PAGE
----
So, in the areas of Alwar, the cows and goats were now being priced not in absolute terms but in multiples of their milk yield. The price of a cow was not expressed as say INR 20,000 but as a multiple of its daily milk yield. The current price was roughly INR 3,000 per liter of daily milk yield.

In effect, the MFI system had only created an illusion of purchasing power while impoverishing those people that it set out to help. As with other inflation based ‘growth’ economies, the early borrowers were the gainers and the later borrowers losers. I could visibly see a massive redistribution of wealth in the elegant expression of basic economics.

I dread the impact of the MFIs in a culture where debt was seen as an anathema only till a few decades ago. Indians have traditionally been wary of debt and here I was, witnessing the proliferation of a debt-driven mass consumption culture in the rural heartland of India. In fact, the growth of MFIs has made the rural population callous about debt and its impact – similar to what happened to the borrowers in the US. As an example, the growth of MFIs has actually strengthened moneylenders. How? Here is how-

  1. Most borrowers have irregular incomes. Where a loan has been taken from an MFI and requires weekly or monthly repayments, traditional moneylenders bridge that gap.
  2. Debt refinancing has become a commonplace occurrence. Moneylenders themselves use poor village women to raise loans in their name and then channel that money through themselves to lend to other poor in the village. This means, indirectly, the MFIs are funding the moneylenders.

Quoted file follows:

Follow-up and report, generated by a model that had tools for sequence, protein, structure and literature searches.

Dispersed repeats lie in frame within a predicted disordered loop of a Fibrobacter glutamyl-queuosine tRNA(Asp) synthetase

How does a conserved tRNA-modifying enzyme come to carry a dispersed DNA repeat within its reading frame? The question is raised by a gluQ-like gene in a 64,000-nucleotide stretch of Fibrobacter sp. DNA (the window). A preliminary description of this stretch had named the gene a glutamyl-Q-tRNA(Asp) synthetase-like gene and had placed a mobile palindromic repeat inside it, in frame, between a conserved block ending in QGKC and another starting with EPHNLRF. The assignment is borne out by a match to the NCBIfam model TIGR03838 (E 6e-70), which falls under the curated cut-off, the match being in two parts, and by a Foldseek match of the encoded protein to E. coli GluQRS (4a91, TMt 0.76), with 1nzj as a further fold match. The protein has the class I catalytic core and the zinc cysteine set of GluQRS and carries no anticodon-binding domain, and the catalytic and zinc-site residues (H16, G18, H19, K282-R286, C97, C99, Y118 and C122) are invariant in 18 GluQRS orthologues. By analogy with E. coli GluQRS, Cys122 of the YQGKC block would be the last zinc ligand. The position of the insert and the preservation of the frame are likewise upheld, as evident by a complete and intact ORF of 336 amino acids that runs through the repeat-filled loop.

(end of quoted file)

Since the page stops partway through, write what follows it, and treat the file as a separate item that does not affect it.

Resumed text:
3. By creating a culture of callousness towards borrowing, MFIs have created a sense of ease towards borrowing from moneylenders too.

Where is all this heading? The question begs an answer from the policymakers of modern India.

(Written in 2010)

Power, Honor and Buddhism

Why have Islamic nations in Asia and Africa become flashpoints of insurgency and terrorism? Why is South Asia, including India, so prone to falling in a spiral of violence and wanton destruction?

I do not want to get into a religious dissection of the issue, except the fact that high degrees of violence in society are correlated to the proportion of youth in that population.  We know that traditional Islamic societies abhor the concepts of contraception and MTP and that the religious leaders of these societies have failed to evolve Islam’s philosophy with the turn of the times.

Given this, the populations in the Islamic world have risen exponentially. Most of Islamic Africa grows at 2%+ and so does Pakistan, dubbed “the most dangerous place on earth” by sections of the media and the US. The centrality of the argument for violence lies with population growth and for targeted policies to work, the emphasis should be on the growth of the population.